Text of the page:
Skiing fresh untracked powder is one the most sublime experiences a skier can enjoy. Yet it can also be a daunting experience that can be frustrating for an experienced intermediate skier who has yet to attempt powder. I’ve seen and spoken to many a skier new to powder coming away from their experience either fearing powder or even hating it. So here are a few ideas of how to get into powder and really start enjoying it. I have tried to place them in order of importance, the first being the most important.
1) Get fat skis – Thanks to the invention of the snowboard, skiers borrowed a concept from it and created fat skis. Anything between 80 mm and 110 mm underfoot of a fat ski will help the uninitiated to powder enjoy their first experience much more. Essentially, fat skis helps you ‘float’ more in powder. The more your skis ‘sink’ into the powder, the harder you have to work to get it back up so that you can turn it. Obviously the fatter your skis are, the more they float. So why wouldn’t one just get the fattest skis available? Because the fatter the skis are, the less responsive the ski becomes with regards to edge contact with the snow. Not usually a problem in deep powder but very rarely are we always skiing in deep powder, even on deep powder days.
Leaning back causes you to lose balance in powder.
2) DO NOT lean back – If you ever hear anybody tell you to lean back when skiing powder, you should continue to nod politely but definitely stop listening. Ok that was a bit harsh but really, please don’t ever lean back. Leaning back is a sure fire way for you to lose your balance, subsequently lose control of your skis, build up uncontrolled speed, get really tired in the thighs, then stack and hurt yourself or at the very very least, start hating powder as you retreat to the familiar comfort of groomed runs. Most people are preoccupied with the idea that their ski tips will dive in the powder and consequently cause them to flip forward, hence they lean back to get their ski tips out of the snow. But leaning back creates a whole chain of events described above that will soon have you losing control of your skis. Although most fat skis these days have some form of rocker to aid with the tips coming out of the snow there is also a much better way to get* the tips out of the snow.
* Technically correct powder skiing is like mogul skiing where ski tips dive into the trough/ powder and then come out of it. Only in powder there isn’t a mogul that brings our ski tips up. We have to rely on the build up-and rebound effect of compressed powder pushing back against our skis. But that’s another post for another day.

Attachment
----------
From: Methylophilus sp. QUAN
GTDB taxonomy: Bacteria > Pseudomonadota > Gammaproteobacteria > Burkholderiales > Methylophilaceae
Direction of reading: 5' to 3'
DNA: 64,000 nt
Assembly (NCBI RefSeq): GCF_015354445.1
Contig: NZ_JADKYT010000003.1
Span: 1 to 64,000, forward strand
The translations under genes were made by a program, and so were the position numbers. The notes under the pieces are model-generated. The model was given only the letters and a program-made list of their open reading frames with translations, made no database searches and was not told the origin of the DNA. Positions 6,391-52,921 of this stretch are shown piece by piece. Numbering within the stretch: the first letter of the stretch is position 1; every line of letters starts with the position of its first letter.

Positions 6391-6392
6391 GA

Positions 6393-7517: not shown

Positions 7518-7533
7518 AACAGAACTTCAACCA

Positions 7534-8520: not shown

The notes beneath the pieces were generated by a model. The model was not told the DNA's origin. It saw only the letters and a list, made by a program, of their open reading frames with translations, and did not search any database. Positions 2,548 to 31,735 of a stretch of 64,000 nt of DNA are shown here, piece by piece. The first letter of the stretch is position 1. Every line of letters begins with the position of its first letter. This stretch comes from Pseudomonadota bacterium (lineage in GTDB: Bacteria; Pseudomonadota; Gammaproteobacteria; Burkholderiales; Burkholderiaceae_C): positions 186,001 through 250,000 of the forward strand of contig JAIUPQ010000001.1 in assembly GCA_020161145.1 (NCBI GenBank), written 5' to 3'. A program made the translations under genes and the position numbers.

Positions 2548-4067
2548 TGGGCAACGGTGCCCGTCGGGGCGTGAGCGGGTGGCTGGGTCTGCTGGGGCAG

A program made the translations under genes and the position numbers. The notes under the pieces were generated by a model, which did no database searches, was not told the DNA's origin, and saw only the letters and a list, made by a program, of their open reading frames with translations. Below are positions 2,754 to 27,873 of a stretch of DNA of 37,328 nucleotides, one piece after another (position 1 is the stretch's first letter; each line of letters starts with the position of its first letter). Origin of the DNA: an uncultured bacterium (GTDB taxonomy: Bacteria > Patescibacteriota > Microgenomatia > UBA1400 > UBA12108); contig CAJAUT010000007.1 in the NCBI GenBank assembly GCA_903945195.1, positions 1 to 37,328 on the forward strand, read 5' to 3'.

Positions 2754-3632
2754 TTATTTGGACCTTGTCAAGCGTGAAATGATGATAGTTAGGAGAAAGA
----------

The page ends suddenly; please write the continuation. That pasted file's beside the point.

3) Use your ankles to maintain balance – When you’re next on a chair lift, try lifting your toes towards your head. That was you flexing your ankle in your boot. Now do the opposite: push your toes away from your body. Now you just need to do that movement when you’re skiing. Sounds simple but it actually takes quite a bit of concentration to apply it in your skiing let alone in powder. There’s an earlier post that goes into the movement in more detail but just remember, when in doubt of your balance, pull your toes towards your head.
4) Elongate your turn shape –Powder represents a change in terrain, not in terms of steepness but in snow conditions. Snow conditions, like steepness can change how fast we go on that slope. On a given slope, ice would increase our speed. Powder is the exact opposite, it slows us down. The deeper or heavier it is, the more it slows you down. Depending on depth and heaviness of the powder, you have to adjust your turnshape by staying in the fall line longer and finishing your turn less in powder. Basically, you have to go faster than you normally would and slow down less to maintain your speed for next turn, in conditions that are new and different. Simple but hardly easy. Hence the adage, “Speed is your friend in powder”. Yes, the resistance of powder will slow you down very quickly as you finish your turn but learning to trust this phenomenon can take time and mileage. Yet knowing what you have to achieve is half the battle.
5) Learn to use your thighs to twist your ski – What’s wrong with shoulder turning? After all, it turns the skis right? Well shoulder turning can repeatedly put your body in a bad position by throwing your balance to the inside of the turn. Nevertheless, you’ll get away with shoulder turning in fresh untracked powder. You probably won’t when it starts getting chopped up and starts becoming cruddy. Crud (ungroomed snow affected either by changing weather or skiers) constantly tests your balance as your skis constantly and repeatedly go from untracked to tracked snow in every single turn. It’s hard enough maintaining balance even if you’re in the correct position. And if you’re thinking, fine, I’ll just stick to fresh untracked powder then, well…I can only wish you the best of luck keeping to that. Powder leads to crud and often vice versa. Side note: If you turn with your hips instead of your shoulders, you’ll be fine in powder, it isn’t technically pretty but you’ll get away with it. It just hurts the eyes of ski instructors.
To end the post I would like to share a short video of some of the crew this season in Japan. It’s themed on an inside joke shared amongst us. The story goes that there was once a client who on a powder day was specifically told not to go beyond a certain point. However she went so far beyond the allocated point that the instructor had to follow her with the rest of the group. This then resulted in a long walk out for the entire group. When asked why she had continued skiing, she meekly answered, “I heard the pirate bells”. It stuck.
All Rights Reserved. Copyright turnshape.com